Display options Mobile website

Feature Article of Saturday, 6 October 2012

Columnist: Ofori, Oral

Ghana's Mutombo The Poet presents Africa's spoken word to the world

Today my piece will be on Spoken Word; a form of poetry that often uses

alliterated prose or verse and occasionally uses metered verse to talk

about happenings in a society. This style of poetry is mainly in the first

person singular and generally from the poet’s point of view, it is mostly

themed on personal or current events. In entertainment, spoken word

performances generally consist of storytelling or poetry. Noted

practitioners of this art form are Hedwig Gorski, Gil Scott Heron, Spalding

Gray and well known Ghanaian born spoken poets like Kwame Dawes and Mutombo

The Poet on whom much will be revealed in this piece.





I have always been a lover of both the linguistics and written words so

when they are made much more finer and intricate to become poetry, I become

a complete sucker for that. It was therefore no surprise that I was slowly

but surely falling in love with this young Ghanaian stand up poet named

Mutombo The Poet. Early this year, I discovered two things: Mutombo and

this online radio solely dedicated to poetry called Badilisha Poetry Radio

that can be checked out here:

http://badilishapoetry.com/en/radio-african-poetry-readings/ Both

discoveries have not stopped intriguing me.





Watch 'Just another black boy'; a recital by Mutombo The Poet:

http://www.youtube.com/watch?v=Mfw54cLJkfg





Mutombo The Poet will soon be featured on Badilisha Poetry Radio. There are

other Ghanaians whose work are featured on there from the likes of lesser

known poets like Tahiru Hamid Seinu, Crystal Tettey, Mr. Re, DK Osei-Yaw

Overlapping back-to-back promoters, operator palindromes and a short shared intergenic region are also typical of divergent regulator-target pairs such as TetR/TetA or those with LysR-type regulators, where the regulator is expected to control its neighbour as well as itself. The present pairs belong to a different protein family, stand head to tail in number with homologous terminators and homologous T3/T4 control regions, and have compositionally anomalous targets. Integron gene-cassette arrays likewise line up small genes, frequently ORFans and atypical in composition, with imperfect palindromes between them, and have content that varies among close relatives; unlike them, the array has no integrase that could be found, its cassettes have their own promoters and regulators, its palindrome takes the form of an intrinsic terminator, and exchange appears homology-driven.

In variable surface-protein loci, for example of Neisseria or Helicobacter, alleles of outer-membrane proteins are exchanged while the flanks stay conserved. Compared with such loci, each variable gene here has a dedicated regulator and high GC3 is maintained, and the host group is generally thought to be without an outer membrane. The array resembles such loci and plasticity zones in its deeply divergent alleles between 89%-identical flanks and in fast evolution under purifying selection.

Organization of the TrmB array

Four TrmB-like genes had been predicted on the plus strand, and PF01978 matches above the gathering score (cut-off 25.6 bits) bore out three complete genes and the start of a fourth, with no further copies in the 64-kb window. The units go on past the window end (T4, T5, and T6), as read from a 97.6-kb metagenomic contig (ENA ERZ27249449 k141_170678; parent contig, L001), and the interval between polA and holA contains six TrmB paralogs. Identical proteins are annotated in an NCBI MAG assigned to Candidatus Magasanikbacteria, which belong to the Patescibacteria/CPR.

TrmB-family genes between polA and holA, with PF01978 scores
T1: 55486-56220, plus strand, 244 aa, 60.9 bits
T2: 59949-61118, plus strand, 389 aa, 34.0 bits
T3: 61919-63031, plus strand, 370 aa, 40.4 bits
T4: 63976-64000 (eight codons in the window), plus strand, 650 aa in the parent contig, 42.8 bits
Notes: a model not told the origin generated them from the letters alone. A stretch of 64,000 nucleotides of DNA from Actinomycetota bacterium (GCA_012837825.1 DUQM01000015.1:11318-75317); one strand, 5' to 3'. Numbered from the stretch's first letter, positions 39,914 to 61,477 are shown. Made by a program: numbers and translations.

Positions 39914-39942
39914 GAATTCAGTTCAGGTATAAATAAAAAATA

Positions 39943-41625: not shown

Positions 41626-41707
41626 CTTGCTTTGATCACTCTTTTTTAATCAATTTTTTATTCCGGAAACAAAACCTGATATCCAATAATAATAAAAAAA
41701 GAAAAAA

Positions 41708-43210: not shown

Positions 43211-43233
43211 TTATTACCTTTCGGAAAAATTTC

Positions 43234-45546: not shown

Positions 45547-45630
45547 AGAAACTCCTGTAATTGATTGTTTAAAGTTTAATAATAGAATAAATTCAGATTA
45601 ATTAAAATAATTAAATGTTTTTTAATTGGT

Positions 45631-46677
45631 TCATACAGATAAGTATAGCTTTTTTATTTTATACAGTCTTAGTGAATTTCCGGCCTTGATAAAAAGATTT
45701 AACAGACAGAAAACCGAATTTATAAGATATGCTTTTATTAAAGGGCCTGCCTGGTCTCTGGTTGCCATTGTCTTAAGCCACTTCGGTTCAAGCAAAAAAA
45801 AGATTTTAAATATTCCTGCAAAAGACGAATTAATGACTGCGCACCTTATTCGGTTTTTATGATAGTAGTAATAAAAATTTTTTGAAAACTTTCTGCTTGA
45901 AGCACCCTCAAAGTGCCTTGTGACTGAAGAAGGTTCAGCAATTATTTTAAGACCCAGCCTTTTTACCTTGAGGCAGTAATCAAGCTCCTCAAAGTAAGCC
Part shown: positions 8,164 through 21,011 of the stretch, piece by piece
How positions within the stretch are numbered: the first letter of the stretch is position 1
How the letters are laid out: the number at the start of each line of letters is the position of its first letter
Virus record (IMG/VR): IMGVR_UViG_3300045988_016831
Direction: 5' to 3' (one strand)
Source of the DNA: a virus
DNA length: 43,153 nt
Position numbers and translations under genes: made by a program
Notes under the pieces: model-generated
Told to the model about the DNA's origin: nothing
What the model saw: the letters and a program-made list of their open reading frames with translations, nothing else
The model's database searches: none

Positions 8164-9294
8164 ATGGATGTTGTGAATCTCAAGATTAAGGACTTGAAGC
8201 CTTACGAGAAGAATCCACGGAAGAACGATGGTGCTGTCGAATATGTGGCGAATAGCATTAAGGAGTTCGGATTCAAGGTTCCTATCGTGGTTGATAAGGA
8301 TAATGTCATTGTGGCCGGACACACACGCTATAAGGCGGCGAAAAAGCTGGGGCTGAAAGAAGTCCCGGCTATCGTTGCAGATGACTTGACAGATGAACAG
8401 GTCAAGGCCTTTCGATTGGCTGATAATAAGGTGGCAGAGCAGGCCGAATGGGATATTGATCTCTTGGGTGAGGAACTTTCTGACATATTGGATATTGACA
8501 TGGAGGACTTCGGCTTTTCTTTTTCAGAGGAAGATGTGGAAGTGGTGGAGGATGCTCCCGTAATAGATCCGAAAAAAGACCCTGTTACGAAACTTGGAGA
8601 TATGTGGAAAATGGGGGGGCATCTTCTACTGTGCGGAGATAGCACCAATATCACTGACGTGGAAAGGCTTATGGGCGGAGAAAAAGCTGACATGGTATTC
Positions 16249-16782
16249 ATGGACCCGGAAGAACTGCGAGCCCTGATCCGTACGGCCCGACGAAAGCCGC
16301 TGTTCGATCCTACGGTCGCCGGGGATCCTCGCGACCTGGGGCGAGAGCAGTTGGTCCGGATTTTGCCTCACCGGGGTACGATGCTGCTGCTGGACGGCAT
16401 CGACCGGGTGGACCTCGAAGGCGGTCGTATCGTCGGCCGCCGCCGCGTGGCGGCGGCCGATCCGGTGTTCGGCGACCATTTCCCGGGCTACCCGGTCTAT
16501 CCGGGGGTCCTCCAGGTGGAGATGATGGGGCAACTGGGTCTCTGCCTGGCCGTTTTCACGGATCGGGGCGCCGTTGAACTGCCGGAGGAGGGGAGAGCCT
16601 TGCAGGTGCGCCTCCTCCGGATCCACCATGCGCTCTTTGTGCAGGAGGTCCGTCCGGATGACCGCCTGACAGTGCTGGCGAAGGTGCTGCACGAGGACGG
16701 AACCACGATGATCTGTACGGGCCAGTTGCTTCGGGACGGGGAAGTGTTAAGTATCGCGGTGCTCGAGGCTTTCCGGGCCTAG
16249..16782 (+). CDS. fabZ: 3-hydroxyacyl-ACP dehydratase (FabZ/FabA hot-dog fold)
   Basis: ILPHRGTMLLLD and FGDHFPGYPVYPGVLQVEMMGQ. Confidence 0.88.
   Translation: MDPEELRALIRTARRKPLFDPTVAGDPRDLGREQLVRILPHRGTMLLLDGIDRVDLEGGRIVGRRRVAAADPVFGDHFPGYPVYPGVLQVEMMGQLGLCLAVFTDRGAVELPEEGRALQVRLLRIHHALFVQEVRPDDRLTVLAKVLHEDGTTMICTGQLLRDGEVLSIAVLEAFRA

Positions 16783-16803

and one of the more known and well recognized Ghanaian poets; Kwame Dawes

of whom I'll talk more about in later paragraphs. For now the spotlight

will be on Mutombo who begun his romance with poetry from his high school

days. As a student of Accra Academy, a senior high school for boys located

in Ghana's capital city, Mutombo majored in English Literature where he

noticed that he had a great way with words and discovered he could actually

write poetry in 2005. This discovery encouraged him to start going on road

shows in 2006.





Before winning his first ever award at the 1st Ehalakasa Poetry slam in

2010 at the Alliance Francaise in Ghana which further catapulted him into

the limelight, Mutombo worked on his current job as a Microsoft Certified

Systems Engineer. Whiles doing that he was mainly writing for himself on

varied issues; he drew inspiration from sources ranging from politics,

social, spiritual and personal life experiences. When asked who or what

has been his greatest motivation and inspiration in the world of African

and world poetry, he responded 'I wont really affirm that a particular

person inspired me, when I discovered this beautiful art form, I was

listening to poets like Saul Williams, Taalam Acey, Gil Scott and Maya

Angelou. I enjoy reading, listening and watching them perform. I would say

my greatest inspiration has been the people I encounter in everyday life'.





In 2006 Mutombo started doing public performances and appearing on

acknowledged shows and stages for the very first time in Ghana, he was

however not the first spoken poet in Ghana at the time because it was

during that period that he first came across a poet named Sir Black who had

been performing before Mutombo became a household name. Poetry has been a

part of the Ghanaian Culture for centuries but today, other musical genres

like Highlife and Hiplife has made it less popular. Within Hiplife and

Highlife are some artistes who dabble in poetry occasionally, especially in

local Ghanaian dialects. Mutombo himself plans on doing poems in his local

Ghanaian dialect of Twi very soon to rope in his non-English speaking

Ghanaian fans: he says 'I have a couple of poems in Twi but I'm yet to

performed them'.





Up until recently in Ghana, there were no poetry pubs, clubs or venues,